In 1913, Henry Ford installed the first moving assembly line. This opened the door for the mass production of automobiles. Building a car went from taking 12 hours, to just one hour and 33 minutes.
Think about how this car assembly line works. Each worker has a certain task they repeatedly do, called the division of labor.
So, Person ‘A’ only focuses on installing the motor, while Person ‘B’ installs the wheels. In this division of labor, Person ‘A’ doesn’t need to learn how to install wheels and vice versa.
When workers focus solely on a single task, their work output becomes optimized. In return, work efficiency skyrockets, and production costs drop.
Standardization of a worker in an assembly line
The work scope of each person in an assembly line is clearly outlined. This standardization allows the work of each person to be appropriately priced.
So, if the car factory swaps Person ‘A’ with Person ‘B,’ they’d expect the same output. As once you learn your work role, there aren’t any unknowns. Thus, the only negotiable work variable becomes human labor. So, what does this all mean?
Any person prior to filling a position on the assembly line will already have a fixed value. Because their economic contribution to a given task is known before they ever pick up a tool.
This is why a carmaker negotiates with the labor union versus thousands of individuals. At the same time, the carmaker will always pay the same price for someone who installs wheels.
It’s similar to flipping burgers. You don’t try to negotiate your pay, you get what you’re offered. Because all burger flippers do the exact same work of flipping meat patties.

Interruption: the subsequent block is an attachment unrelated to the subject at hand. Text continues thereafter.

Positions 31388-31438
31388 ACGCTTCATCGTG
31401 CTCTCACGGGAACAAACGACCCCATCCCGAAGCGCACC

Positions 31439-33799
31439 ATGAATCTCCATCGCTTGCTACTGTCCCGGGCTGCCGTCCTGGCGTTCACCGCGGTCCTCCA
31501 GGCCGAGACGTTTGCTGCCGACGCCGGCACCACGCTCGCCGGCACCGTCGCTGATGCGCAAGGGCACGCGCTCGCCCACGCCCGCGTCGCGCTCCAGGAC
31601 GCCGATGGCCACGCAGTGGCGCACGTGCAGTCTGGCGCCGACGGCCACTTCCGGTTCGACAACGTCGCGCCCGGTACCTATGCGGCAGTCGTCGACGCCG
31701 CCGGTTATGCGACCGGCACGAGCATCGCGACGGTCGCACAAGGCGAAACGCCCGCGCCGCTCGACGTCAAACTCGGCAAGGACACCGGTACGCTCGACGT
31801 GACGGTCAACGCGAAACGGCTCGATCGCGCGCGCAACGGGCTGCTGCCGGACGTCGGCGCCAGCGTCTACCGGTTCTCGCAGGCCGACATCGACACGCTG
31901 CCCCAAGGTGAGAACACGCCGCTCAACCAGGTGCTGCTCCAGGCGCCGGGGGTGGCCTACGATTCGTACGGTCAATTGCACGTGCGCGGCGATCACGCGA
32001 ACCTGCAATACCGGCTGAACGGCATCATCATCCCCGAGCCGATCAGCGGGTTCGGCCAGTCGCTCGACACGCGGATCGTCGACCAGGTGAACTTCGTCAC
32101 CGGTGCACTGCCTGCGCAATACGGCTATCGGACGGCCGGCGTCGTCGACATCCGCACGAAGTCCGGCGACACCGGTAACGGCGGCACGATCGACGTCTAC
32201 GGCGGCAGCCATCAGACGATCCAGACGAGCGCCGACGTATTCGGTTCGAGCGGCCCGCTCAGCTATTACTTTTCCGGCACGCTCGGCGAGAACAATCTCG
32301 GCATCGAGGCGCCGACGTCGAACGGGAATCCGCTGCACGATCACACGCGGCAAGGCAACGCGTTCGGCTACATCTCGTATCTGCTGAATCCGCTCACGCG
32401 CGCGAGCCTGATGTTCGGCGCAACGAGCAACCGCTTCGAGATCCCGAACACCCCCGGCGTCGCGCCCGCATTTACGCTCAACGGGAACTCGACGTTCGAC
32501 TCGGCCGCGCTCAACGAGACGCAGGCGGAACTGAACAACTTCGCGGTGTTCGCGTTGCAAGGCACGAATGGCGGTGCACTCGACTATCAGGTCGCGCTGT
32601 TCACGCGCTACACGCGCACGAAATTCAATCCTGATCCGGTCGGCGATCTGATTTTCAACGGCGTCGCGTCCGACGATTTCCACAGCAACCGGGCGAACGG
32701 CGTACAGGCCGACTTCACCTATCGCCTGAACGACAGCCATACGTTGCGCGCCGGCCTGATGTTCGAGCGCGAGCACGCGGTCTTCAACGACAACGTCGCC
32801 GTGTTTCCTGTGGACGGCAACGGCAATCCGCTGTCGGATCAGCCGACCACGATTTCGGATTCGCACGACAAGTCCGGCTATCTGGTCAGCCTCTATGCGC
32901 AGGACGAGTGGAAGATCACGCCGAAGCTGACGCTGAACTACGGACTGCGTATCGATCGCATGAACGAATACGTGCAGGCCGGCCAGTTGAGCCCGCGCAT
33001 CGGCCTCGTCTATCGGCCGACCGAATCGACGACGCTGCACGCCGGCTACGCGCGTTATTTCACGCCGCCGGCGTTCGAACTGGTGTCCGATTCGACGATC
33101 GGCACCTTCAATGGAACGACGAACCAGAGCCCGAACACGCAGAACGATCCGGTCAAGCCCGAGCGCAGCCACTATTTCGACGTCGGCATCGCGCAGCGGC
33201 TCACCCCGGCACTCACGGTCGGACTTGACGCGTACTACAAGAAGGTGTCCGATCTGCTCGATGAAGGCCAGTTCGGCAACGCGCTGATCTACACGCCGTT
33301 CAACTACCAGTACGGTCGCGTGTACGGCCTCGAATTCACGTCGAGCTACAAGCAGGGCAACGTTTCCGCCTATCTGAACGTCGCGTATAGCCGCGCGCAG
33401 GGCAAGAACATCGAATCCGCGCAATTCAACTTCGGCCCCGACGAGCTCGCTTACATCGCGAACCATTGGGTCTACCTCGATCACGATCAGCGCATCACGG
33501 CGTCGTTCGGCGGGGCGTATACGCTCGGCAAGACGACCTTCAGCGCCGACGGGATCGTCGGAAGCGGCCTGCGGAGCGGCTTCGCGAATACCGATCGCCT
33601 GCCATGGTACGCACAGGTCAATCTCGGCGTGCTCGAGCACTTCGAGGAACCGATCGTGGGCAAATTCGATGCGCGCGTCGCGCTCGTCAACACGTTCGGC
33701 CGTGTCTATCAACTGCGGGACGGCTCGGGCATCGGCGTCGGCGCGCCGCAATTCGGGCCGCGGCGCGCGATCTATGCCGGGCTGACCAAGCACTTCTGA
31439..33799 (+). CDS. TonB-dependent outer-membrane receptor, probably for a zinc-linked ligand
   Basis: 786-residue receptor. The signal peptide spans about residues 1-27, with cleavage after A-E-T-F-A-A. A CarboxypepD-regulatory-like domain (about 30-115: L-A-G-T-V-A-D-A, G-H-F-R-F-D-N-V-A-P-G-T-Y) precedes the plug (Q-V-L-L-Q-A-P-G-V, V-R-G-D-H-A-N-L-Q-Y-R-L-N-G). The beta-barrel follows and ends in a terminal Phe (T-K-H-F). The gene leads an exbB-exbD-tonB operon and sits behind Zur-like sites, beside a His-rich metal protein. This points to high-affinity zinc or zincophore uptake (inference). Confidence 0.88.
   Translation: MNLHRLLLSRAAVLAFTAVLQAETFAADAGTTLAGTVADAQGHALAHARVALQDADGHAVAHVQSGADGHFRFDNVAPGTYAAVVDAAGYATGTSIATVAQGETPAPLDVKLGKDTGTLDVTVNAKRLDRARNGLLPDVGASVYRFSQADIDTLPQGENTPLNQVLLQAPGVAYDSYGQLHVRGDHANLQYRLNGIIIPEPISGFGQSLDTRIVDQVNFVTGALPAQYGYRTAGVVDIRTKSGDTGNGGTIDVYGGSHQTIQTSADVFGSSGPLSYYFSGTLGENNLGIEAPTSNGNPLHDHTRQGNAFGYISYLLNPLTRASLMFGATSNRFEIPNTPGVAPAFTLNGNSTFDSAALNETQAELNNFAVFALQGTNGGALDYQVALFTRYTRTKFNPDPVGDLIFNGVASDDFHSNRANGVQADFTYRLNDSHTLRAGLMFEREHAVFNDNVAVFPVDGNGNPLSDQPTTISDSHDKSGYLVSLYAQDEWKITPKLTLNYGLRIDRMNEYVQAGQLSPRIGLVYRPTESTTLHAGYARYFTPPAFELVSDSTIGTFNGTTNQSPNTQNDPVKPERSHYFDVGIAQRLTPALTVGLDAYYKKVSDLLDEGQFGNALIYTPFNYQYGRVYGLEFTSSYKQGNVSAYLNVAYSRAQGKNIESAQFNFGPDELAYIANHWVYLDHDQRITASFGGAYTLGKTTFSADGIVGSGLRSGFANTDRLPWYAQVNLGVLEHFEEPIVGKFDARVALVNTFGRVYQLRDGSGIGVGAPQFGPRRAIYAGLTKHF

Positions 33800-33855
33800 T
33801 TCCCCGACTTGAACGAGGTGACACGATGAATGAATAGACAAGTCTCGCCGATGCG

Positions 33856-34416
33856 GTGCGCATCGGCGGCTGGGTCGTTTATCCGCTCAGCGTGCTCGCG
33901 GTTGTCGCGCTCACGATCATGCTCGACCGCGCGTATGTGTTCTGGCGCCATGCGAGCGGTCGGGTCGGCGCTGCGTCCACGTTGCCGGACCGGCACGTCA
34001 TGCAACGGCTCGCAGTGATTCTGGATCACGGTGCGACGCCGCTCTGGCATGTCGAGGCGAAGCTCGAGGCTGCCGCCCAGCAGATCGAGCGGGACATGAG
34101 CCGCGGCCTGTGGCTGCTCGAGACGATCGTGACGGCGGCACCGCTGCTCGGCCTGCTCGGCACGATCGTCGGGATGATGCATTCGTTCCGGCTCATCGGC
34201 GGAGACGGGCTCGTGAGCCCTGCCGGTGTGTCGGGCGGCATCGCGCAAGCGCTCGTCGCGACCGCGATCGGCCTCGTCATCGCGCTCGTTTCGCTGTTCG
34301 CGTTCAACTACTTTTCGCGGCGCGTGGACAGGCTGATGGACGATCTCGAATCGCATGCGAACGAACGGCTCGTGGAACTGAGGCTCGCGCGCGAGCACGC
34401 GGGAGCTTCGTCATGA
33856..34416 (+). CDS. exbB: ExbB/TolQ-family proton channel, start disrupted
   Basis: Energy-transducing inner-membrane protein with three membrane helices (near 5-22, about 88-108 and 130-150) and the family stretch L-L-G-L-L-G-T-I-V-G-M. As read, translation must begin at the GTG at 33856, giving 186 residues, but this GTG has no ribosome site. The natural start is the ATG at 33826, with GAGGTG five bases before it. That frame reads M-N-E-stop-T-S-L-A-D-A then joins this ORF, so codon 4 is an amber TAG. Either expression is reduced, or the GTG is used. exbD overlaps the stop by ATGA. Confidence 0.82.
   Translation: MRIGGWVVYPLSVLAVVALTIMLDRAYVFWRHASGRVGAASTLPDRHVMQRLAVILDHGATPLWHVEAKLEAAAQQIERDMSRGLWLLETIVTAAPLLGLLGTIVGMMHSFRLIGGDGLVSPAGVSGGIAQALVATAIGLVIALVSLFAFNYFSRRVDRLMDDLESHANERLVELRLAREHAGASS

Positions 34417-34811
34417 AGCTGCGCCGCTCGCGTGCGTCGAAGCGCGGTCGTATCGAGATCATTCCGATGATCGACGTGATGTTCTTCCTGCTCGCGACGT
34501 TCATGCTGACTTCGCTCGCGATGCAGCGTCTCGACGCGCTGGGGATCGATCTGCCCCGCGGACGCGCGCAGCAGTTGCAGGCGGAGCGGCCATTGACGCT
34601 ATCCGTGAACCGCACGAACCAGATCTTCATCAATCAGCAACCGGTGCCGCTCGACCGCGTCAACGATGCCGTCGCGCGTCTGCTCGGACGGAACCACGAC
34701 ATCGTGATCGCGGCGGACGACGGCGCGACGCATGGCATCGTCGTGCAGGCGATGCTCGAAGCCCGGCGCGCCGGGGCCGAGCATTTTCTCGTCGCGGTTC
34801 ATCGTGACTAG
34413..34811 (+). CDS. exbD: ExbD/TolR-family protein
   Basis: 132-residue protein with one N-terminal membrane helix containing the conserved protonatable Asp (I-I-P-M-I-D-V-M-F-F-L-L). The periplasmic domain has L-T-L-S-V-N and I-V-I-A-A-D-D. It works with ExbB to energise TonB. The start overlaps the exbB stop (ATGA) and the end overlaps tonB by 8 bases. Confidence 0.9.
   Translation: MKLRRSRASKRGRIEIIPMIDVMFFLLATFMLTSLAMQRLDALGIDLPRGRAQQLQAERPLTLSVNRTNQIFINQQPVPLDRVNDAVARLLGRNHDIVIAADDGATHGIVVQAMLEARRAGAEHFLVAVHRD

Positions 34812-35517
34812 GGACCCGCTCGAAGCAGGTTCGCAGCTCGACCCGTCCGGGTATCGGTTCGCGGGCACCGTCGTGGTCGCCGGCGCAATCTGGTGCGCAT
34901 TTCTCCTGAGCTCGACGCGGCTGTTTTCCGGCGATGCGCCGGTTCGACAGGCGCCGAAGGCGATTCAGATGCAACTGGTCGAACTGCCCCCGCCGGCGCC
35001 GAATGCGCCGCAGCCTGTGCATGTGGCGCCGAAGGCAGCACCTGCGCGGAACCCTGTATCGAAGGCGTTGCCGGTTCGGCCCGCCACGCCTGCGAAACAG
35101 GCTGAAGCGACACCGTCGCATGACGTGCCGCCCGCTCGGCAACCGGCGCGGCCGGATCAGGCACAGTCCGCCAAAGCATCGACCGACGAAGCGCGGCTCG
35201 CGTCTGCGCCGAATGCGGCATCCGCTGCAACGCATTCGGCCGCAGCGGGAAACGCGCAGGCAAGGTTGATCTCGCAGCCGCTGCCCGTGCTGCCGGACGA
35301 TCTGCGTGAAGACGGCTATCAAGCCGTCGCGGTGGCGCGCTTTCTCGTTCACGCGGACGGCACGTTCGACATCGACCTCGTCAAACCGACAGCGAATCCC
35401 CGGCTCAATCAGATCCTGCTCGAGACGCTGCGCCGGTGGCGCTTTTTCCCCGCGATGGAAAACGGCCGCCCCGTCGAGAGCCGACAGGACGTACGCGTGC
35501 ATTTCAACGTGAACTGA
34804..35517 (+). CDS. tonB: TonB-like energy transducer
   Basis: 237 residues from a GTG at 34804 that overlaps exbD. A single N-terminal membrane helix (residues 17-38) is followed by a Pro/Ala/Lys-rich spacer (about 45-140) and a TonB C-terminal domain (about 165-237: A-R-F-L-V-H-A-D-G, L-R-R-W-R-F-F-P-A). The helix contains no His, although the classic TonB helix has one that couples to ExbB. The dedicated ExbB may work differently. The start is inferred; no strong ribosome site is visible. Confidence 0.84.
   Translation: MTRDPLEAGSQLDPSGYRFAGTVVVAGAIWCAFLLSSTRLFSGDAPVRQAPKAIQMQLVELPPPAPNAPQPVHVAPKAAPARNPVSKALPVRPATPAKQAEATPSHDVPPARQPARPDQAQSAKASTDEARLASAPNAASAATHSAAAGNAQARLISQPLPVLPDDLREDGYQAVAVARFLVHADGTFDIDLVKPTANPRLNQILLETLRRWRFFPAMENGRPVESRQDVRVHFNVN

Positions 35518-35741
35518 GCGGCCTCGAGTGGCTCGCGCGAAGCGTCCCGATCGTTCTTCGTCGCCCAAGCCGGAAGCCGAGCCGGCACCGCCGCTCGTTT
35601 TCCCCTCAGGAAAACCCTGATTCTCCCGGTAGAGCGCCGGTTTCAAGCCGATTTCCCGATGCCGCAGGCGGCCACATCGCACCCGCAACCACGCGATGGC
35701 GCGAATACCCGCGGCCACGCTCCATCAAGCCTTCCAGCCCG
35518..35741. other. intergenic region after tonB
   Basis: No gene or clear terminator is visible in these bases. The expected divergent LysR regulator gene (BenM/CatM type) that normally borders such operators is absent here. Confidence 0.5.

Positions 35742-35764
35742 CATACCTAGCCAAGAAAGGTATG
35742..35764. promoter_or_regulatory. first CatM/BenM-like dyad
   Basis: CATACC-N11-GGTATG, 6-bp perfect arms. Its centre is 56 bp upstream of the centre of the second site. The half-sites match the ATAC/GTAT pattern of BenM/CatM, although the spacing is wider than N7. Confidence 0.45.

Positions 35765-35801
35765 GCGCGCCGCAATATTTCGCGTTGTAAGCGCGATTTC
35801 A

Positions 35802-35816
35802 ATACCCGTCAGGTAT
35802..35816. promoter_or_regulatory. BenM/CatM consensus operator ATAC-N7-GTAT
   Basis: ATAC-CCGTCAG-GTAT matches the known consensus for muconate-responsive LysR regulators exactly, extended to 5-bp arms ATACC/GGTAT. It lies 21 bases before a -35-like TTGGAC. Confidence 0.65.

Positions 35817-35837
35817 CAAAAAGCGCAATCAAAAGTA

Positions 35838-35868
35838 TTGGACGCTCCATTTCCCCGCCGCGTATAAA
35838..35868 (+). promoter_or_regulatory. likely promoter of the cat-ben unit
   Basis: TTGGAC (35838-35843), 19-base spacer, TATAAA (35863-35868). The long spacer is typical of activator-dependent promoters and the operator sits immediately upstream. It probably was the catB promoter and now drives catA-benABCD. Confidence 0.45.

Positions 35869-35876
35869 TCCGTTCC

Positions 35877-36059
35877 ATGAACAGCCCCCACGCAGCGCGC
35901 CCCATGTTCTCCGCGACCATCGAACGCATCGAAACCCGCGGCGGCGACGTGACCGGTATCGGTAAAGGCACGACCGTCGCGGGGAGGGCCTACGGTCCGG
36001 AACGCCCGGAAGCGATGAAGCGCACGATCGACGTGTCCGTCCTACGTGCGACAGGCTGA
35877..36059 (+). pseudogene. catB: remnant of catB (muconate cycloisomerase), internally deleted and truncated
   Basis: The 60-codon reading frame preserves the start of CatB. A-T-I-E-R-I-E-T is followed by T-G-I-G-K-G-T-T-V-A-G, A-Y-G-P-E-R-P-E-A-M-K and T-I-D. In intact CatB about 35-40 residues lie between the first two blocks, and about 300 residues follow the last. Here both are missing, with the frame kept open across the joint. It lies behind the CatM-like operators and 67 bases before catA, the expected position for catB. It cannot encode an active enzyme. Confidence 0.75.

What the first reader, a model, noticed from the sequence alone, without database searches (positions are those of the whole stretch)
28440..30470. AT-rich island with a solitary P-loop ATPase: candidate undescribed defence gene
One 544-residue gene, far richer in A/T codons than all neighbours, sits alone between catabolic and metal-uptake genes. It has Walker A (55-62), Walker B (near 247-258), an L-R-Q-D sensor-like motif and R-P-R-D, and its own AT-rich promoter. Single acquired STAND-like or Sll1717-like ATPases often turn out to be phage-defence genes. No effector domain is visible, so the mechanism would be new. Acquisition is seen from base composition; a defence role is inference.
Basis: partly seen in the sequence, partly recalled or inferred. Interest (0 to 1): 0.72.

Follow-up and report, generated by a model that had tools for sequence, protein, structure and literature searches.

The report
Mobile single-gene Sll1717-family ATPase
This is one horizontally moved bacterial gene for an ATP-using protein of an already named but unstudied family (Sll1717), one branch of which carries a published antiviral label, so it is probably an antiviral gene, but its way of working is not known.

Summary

Are engineers commodities in the workforce?
Some are, especially lower-level engineers who do repetitive work.
If your employer can automate your work, then you’ll soon become a commodity. Your work as an engineer then becomes no different than a worker on the assembly line. Your employer can pay you a fixed fee.
For the most part though, engineers don’t repeat the same task over and over again. Rather, they analyze, process, research, and solve problems. Each project requires this same level of attention.
For example, designing the Golden Gate Bridge isn’t the same as designing a bridge over a calm river. In fact, at one time, many thought building the Golden Gate Bridge was impossible. I’ve discussed the engineering process behind the Golden Gate Bridge.
The point is, you can’t swap a chief engineer with another and expect the same results. Because engineering work requires the following qualities, which differ from person to person:
- Rapid spatial reasoning
- Memory capacity
- Pattern recognition
So, the economic output of an engineer isn’t predefined. The more capable an engineer is, the better the end product will become.
Similarly, you can’t place a fixed cost on the lead engineers who can safely send us to Mars. Especially, given we’ve never pulled off this feat. No different than a highly talented artist, who has unworldly creative skills. Skills we’ve never seen before.